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April 2, 2020 |

3 cyber threats that can shut down your dental practice

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Each day, the odds of a cyber attack on your dental practice increase. And the cyber crime stakes are huge.

Dentists face a double-jeopardy scenario. They run small businesses and often have limited time and resources to invest in cyber security—yet, they manage and store personal and sensitive information that is incredibly valuable to cyber criminals.

Whether it’s phishing emails used to launch ransomware and encrypt or lock your critical files or fraudulent emails designed to redirect financial funds, your staff, patients, data, computer systems, and practice are at high risk.

Cyber security stats for dental practices to know

If you believe your dental practice won’t be targeted, it’s time for a few facts.

  • Over 93% of healthcare organizations have experienced a security breach of some kind over the past five years
  • In 2018, 15 million patient records were compromised from 503 security breaches in the healthcare sector.
  • In the past 12 months, 74% of healthcare organizations experienced a security incident. In these attacks, more than 30 million records were compromised.
  • Just one of these data breaches compromised the data of more than 25 million patients.

If you suffered a cyber attack and a breach of sensitive data, what would you tell your patients? How would you maintain your reputation and attract new patients? What fines would you be required to pay?

It’s time to understand the cyber threats targeting your dental practice (and what you can do about them).

Top cyber threats to dental practices

Phishing emails

Phishing is a cyber attack method that attempts to gather critical information—usernames, passwords, and even bank account numbers—using deceptive emails and links to malicious websites. An estimated 65% of organizations experienced a phishing attack in 2019.

In fact, the Healthcare Information and Management Systems Society (HIMSS) confirmed that healthcare phishing still remains a significant threat. In its 2019 HIMSS Cybersecurity Survey, email was revealed as the initial point of contact for attack in 59% of the security incidents that have taken place in the last 12 months.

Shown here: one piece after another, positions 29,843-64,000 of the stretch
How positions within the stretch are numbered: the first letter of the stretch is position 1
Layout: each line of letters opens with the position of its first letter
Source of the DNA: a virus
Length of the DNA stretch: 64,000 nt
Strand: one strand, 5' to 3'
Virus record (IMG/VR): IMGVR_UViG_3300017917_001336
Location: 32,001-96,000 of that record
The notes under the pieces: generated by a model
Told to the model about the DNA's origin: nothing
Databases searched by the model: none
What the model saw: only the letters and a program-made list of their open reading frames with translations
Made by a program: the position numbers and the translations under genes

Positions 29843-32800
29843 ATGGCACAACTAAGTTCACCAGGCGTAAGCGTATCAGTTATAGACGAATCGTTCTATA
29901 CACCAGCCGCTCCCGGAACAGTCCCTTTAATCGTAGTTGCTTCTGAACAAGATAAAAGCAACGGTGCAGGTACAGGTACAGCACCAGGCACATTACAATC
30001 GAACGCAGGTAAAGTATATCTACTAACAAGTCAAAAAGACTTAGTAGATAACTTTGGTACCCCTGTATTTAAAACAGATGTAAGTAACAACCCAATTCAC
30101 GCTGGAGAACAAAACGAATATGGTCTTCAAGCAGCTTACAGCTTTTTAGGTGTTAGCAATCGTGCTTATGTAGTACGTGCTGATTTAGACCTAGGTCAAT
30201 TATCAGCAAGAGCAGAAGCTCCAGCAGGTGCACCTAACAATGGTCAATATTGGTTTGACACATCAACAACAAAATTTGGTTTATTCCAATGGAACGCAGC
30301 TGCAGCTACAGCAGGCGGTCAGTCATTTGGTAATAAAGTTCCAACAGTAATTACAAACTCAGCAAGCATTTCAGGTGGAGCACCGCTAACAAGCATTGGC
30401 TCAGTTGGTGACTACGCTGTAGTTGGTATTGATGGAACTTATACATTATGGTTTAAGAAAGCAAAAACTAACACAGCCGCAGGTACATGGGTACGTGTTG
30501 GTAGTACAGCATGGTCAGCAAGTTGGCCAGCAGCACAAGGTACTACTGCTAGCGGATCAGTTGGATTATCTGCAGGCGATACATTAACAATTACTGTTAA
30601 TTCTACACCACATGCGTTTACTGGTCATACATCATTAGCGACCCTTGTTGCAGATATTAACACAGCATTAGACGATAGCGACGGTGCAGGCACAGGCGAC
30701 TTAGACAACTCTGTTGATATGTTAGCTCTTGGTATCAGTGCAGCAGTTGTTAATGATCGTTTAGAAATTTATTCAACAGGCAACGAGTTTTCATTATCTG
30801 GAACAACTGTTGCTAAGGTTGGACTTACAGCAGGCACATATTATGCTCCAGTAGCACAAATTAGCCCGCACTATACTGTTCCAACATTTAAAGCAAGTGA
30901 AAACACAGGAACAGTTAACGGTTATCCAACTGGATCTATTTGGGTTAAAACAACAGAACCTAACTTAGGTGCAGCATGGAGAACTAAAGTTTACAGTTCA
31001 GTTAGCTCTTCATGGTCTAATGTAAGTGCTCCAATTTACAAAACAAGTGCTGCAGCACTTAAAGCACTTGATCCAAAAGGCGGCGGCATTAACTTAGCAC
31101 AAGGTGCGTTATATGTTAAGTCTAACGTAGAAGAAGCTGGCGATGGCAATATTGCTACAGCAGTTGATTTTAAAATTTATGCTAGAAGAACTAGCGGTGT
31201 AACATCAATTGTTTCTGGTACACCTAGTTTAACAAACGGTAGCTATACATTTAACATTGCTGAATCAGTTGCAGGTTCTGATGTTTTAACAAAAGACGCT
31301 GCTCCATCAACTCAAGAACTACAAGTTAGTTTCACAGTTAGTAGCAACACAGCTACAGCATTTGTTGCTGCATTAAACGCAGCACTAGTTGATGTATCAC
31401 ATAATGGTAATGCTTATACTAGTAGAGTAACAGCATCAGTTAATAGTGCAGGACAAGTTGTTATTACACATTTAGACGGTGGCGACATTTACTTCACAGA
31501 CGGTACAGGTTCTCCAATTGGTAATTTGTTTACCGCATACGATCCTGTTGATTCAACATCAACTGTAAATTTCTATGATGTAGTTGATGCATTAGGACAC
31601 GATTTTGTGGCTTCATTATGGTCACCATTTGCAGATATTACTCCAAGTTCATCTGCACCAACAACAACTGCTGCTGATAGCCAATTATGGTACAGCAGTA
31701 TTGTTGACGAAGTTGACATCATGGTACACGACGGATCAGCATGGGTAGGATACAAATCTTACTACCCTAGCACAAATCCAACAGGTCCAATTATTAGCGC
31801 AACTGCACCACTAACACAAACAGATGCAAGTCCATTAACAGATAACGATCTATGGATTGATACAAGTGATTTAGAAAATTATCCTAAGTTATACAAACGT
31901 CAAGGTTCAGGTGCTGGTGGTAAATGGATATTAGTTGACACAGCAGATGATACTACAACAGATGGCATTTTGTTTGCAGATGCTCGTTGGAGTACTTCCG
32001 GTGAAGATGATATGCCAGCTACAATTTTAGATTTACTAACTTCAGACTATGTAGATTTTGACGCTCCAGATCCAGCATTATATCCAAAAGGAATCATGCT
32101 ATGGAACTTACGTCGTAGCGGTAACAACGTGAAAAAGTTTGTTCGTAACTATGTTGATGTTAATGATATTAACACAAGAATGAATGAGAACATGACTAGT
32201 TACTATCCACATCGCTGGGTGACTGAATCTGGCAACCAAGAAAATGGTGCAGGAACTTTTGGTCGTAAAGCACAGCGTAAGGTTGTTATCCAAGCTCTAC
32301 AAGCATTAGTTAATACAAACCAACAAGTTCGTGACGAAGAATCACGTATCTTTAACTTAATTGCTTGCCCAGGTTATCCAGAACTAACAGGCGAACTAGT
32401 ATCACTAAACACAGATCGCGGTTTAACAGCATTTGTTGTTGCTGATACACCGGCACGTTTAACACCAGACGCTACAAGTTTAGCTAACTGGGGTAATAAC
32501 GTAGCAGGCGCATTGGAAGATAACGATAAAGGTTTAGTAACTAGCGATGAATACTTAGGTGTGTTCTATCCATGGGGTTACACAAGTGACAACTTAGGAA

Phishing relies on realistic-looking emails to fool recipients into clicking a link, opening a file, or even convincing a recipient to share confidential information. For example, a dentist or team member may receive a phishing email disguised as someone in the same dental practice or an important leader in the industry.

Recent healthcare phishing attacks:

Last July, an employee at Delta Dental of Arizona fell victim to a phishing scam that gave the attacker access to an email account. As you are probably well aware, Delta Dental is one of the largest U.S. dental plan systems with 39 member companies. An analysis of the compromised account suspected unauthorized access had occurred and nearly 13,000 people were affected.

In December 2018, Delta Dental of Illinois notified patients of a potential data breach after employees were targeted by a phishing attack that was attempting to gain their login credentials. The compromised data may have included patient demographic information, dates of birth, dental or vision insurance data, and Social Security numbers.